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Posted : 2013-02-18 18:24
Updated : 2013-02-18 18:24

Basic taxi fare to rise to 2,800 won

By Kim Rahn

The Ministry of Land, Transport and Maritime Affairs said Monday that the basic taxi fare nationwide is to increase to 2,800 won this year and 4,100 won in five years time.

The plan comes amid the industry's call to include taxis as public transport so that they can receive state subsidies. The demand has so far been opposed by the government, citing budgetary constraints.

Current fares differ from municipality to municipality, ranging between 2,200 won and 2,800 won and that of Seoul, 2,400 won.

The current fares are expected to reach 4,100 won by 2018, about the level of the average of 10 OECD nations; then by 2023 to 5,100 won, equivalent to the average in the United States, Britain, France, Germany and Japan.

The ministry plans to finalize the scheme in April after consulting with experts and the public.

"Korea's taxi fares have long been said to be low compared to other nations with similar economic status. We aim at raising it to the OECD average level," a ministry official said.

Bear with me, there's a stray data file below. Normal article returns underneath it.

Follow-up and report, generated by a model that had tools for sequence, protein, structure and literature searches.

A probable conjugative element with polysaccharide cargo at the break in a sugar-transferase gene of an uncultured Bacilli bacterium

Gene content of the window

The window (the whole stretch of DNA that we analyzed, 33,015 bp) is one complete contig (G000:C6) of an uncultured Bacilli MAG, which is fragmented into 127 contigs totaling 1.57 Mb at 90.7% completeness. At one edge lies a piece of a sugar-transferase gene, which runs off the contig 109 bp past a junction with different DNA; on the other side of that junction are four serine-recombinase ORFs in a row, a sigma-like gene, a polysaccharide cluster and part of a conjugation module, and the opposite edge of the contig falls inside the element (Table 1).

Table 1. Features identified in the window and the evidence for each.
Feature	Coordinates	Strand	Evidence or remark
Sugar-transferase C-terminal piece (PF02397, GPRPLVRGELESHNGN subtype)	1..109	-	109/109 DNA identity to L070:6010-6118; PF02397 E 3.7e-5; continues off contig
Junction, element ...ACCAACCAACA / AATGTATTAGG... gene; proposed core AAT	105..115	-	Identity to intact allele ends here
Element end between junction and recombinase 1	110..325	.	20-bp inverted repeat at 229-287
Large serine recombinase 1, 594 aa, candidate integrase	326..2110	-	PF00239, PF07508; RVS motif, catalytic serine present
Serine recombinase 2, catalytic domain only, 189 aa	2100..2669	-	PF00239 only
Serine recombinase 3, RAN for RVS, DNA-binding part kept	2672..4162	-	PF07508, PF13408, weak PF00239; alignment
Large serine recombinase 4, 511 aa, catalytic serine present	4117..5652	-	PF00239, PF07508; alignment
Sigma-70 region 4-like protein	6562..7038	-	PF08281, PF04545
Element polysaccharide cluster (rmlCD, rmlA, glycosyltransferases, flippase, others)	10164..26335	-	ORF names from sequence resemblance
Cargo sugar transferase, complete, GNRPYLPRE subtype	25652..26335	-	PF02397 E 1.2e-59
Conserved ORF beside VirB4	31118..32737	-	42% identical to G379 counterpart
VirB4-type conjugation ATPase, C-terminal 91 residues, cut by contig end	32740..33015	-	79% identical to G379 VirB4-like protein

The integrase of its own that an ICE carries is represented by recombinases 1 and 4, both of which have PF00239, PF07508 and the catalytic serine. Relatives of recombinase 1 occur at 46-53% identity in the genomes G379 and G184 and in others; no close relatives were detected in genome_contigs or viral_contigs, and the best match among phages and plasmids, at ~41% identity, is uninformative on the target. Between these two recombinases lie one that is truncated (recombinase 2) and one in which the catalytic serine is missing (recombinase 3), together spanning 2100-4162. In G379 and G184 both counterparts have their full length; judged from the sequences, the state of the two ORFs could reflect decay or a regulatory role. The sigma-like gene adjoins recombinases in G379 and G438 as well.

The authority will also review fare hike plans every two years from the current three years, and adopt various charging systems such as a fuel surcharge. It will gradually grant each municipality the right to decide on fares, while the government controls it for now.

Believing that an oversupply of taxis is one of the major reasons for the taxi industry's financial difficulty, the ministry also plans to reduce the number of taxis from the current 250,000 nationwide to 230,000 by 2018 and 200,000 by 2023.

"Through the fare hike and other measures, we think cab drivers' monthly income will jump from the current 1.5 million won to 2 million won by 2018 and 2.5 million won by 2023. Those measures will improve the financial conditions of the drivers and taxi companies without re-categorizing taxis as public transport," the official said.

As a separate measure to prevent crimes committed against or committed by taxi drivers, the ministry will promote the installation of a partition between the driver's seat and passenger seats.

All taxis will be required to install airbags in front seats, and taxi firms will have to have their drivers undergo a sobriety test before going on duty.


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